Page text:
I’m not referring here to an art exhibit or installation which incorporates multiple forms of media from various artists, with a vague philosophy attempting to connect everything. I’m talking one artist, who, since we value ideas over results much of the time anyways, offers the whole of his art, the real whole, to experience. Can we honestly, in a post-structuralist world, assert a work of art is complete without its influences? Just as the art visual, and even musical artists create, becomes less and less “art” in its classical definition.
In other words, the 21st century gesamtkunstwerk is less an artist utilizing various media to create various components of an experience or exhibition, but an artist whose influences which are necessarily varied, are overtly on display.
The history we’re in the process of making seems like it might be pointing us in this general direction.
Opera, the great and historical art form which does combine disparate forms of art into one work, seems to be enjoying a popular resurgence, in so much as opera ever can. And artists of all types are disrupting the boundaries between their form of art and another, creating art that is difficult to classify.
Maybe this trend towards cross-pollination acknowledges that perhaps we have failed to engage with art and music in the correct way (in so much as there is a correct way which of course there’s not, one of those wonderful contradictions we are meant to embrace). Perhaps somewhere along the way, we lost track of how to present it (art) and our perpetual need to explain or disclose artistic influences would seem to attest to our fascination, interest, need, pick your word, for a context.
What if we could experience that context at the same time as we experience the art? Maybe that’s what we’re attempting to recreate in all of our “installations” and “performances.” A real complete story, not an opera, play or film that attempts to fictitiously recreate, what each of us already has inside of us.
I’m not advocating screening shots of Austrian landscapes behind the music of Mozart. Not exactly. The presentation would be less a disparate weaving together of art forms, and more, as in the work of Kahane, the offering of clues, and the creation of an environment through which we are meant to experience an individual’s art; essentially recreating the environment he/she experienced while creating it in the first place. I’m not entirely sure what it would look like really.
We’re fully aware artists don’t create art in a vacuum, why should we have to experience it in one?
This dovetails into, as all my lines of thinking usually do, the future, and the art world’s mounting fear of losing its audiences.
It’s interesting to think about the idea of multisensory stimulation and a more comprehensive experience of art, like the music of Kahane, in the context of film, something he, unsurprisingly, cites as an influence for much of his music. Great film artistically incorporates a bit of everything; dialogue, visual and aural content, and, while we fail to bring new audiences into other art forms, film (yes, thanks in large part to its facility of distribution, but I’d posit more than that), is thriving.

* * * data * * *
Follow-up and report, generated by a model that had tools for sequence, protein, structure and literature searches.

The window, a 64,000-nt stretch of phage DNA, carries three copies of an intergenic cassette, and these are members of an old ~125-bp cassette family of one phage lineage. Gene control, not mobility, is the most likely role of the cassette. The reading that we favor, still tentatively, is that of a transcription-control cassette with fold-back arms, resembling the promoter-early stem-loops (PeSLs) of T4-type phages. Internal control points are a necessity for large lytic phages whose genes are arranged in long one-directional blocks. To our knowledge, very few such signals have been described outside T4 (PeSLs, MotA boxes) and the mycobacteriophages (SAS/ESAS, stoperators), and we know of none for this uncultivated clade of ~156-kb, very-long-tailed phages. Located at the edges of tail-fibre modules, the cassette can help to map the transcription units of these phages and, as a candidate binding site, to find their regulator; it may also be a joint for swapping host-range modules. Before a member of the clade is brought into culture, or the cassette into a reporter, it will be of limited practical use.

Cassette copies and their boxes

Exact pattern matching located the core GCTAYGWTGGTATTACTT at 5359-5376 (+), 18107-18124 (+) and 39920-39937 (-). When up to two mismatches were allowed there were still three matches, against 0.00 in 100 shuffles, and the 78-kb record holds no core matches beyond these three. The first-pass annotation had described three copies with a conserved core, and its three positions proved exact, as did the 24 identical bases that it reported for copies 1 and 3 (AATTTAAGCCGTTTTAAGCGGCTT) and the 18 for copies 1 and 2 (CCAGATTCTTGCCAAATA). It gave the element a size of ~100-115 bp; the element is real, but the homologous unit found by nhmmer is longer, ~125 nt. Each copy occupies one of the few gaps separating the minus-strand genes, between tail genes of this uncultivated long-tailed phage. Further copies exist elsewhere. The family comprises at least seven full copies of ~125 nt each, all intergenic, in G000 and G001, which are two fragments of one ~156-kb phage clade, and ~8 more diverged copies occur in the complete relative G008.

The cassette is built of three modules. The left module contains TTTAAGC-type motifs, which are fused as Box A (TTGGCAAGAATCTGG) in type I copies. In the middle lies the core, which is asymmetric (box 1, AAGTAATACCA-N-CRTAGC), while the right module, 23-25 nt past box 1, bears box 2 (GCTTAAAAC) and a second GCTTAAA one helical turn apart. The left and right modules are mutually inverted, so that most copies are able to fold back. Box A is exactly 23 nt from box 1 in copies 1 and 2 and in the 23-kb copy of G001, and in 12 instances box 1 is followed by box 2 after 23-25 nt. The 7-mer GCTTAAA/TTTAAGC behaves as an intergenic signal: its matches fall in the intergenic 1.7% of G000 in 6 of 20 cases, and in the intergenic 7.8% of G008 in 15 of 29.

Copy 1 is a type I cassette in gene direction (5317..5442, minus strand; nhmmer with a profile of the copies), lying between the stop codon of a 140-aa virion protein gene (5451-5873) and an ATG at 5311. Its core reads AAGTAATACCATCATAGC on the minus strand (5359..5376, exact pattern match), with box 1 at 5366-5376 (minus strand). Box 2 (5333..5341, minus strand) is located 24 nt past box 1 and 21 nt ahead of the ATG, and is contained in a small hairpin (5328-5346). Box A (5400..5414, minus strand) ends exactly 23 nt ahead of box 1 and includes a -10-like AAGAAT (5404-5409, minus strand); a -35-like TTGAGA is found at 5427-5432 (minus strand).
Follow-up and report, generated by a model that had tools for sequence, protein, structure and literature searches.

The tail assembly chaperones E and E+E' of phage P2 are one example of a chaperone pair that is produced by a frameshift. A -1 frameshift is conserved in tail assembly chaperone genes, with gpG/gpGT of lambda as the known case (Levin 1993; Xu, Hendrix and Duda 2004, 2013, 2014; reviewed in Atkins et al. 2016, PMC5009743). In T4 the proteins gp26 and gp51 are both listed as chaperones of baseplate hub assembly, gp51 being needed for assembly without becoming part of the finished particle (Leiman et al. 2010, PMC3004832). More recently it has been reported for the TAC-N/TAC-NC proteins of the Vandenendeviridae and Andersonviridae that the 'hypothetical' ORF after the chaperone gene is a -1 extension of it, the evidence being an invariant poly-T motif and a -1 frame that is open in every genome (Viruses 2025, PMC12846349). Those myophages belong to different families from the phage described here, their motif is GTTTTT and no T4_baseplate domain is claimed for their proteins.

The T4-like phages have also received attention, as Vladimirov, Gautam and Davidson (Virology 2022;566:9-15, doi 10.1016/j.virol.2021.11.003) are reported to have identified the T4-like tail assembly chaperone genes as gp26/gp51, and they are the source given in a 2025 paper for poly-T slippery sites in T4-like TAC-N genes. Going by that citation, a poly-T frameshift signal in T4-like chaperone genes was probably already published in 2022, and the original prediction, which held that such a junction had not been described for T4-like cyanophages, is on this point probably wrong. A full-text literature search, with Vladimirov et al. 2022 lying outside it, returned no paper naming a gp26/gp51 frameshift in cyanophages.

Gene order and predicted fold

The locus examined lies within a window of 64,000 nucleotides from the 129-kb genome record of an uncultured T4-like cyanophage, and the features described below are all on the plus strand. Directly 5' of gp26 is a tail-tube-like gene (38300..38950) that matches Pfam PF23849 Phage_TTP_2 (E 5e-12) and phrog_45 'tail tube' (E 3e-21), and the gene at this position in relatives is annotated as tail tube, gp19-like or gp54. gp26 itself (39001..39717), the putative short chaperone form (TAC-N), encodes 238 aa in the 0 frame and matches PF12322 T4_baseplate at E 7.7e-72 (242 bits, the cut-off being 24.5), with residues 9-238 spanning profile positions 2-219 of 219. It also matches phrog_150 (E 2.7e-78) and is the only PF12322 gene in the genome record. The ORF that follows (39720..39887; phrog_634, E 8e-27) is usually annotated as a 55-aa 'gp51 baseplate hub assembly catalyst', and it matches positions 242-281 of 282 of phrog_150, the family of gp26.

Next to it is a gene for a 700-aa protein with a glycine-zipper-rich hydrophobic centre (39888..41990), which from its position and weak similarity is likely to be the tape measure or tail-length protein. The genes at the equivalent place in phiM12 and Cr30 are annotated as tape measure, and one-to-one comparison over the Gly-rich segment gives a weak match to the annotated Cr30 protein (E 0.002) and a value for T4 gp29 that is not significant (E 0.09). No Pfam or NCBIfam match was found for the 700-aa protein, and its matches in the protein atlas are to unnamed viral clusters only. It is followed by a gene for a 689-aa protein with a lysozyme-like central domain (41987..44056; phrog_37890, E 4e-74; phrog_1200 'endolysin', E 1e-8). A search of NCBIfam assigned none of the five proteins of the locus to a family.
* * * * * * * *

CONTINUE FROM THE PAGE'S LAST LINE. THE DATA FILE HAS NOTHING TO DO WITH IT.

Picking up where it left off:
Perhaps there is a key to art’s future somewhere in this rambling. Perhaps it lies in, as many artists seem to already be exploring, a better experience. Not for the sake of experience, and not because we can’t appreciate the art without it, but instead, because we’re meant to know where the art is coming from in the first place.
Words mean more than we mean to express when we use them, so a whole book ought to mean a great deal more than the writer means.
– Lewis Carroll
Nothing is original. Steal from anywhere that resonates with inspiration and fuels your imagination.
– Jim Jarmusch
I’ve recently been spending an inordinate amount of time with two things. Generational theory, which attempt to understand and explain why we are the way that we are, and writing on criticism as we attempt to explain how we analyze and evaluate music today.
Unlike the generations which have preceded us, mine, the millenial generation, first and foremost identifies themselves individually. We don’t seek to fit in with a ‘group’ instead we pride ourselves on our individuality, our style, our taste etc.
How we define ‘cool’ is different too. According to writer Alexandra Molotkow, being cool is no longer based on what you know and other people don’t. Being cool is about what you have to say about thing things everyone else already knows.
This manifests itself in conversations third-party listeners often think sound pretentious or unintelligible. We’re so consumed with having an opinion and demonstrating our cultural capital and understanding of theory, that we have taken to re-evaluating everything those who came before us dismissed.
We’ve collectively revolted against elitism and our critical technique is to evaluate, to our credit, everything previous critics outright rejected as kitschy, pedestrian, low-brow (pick your negative word), etc.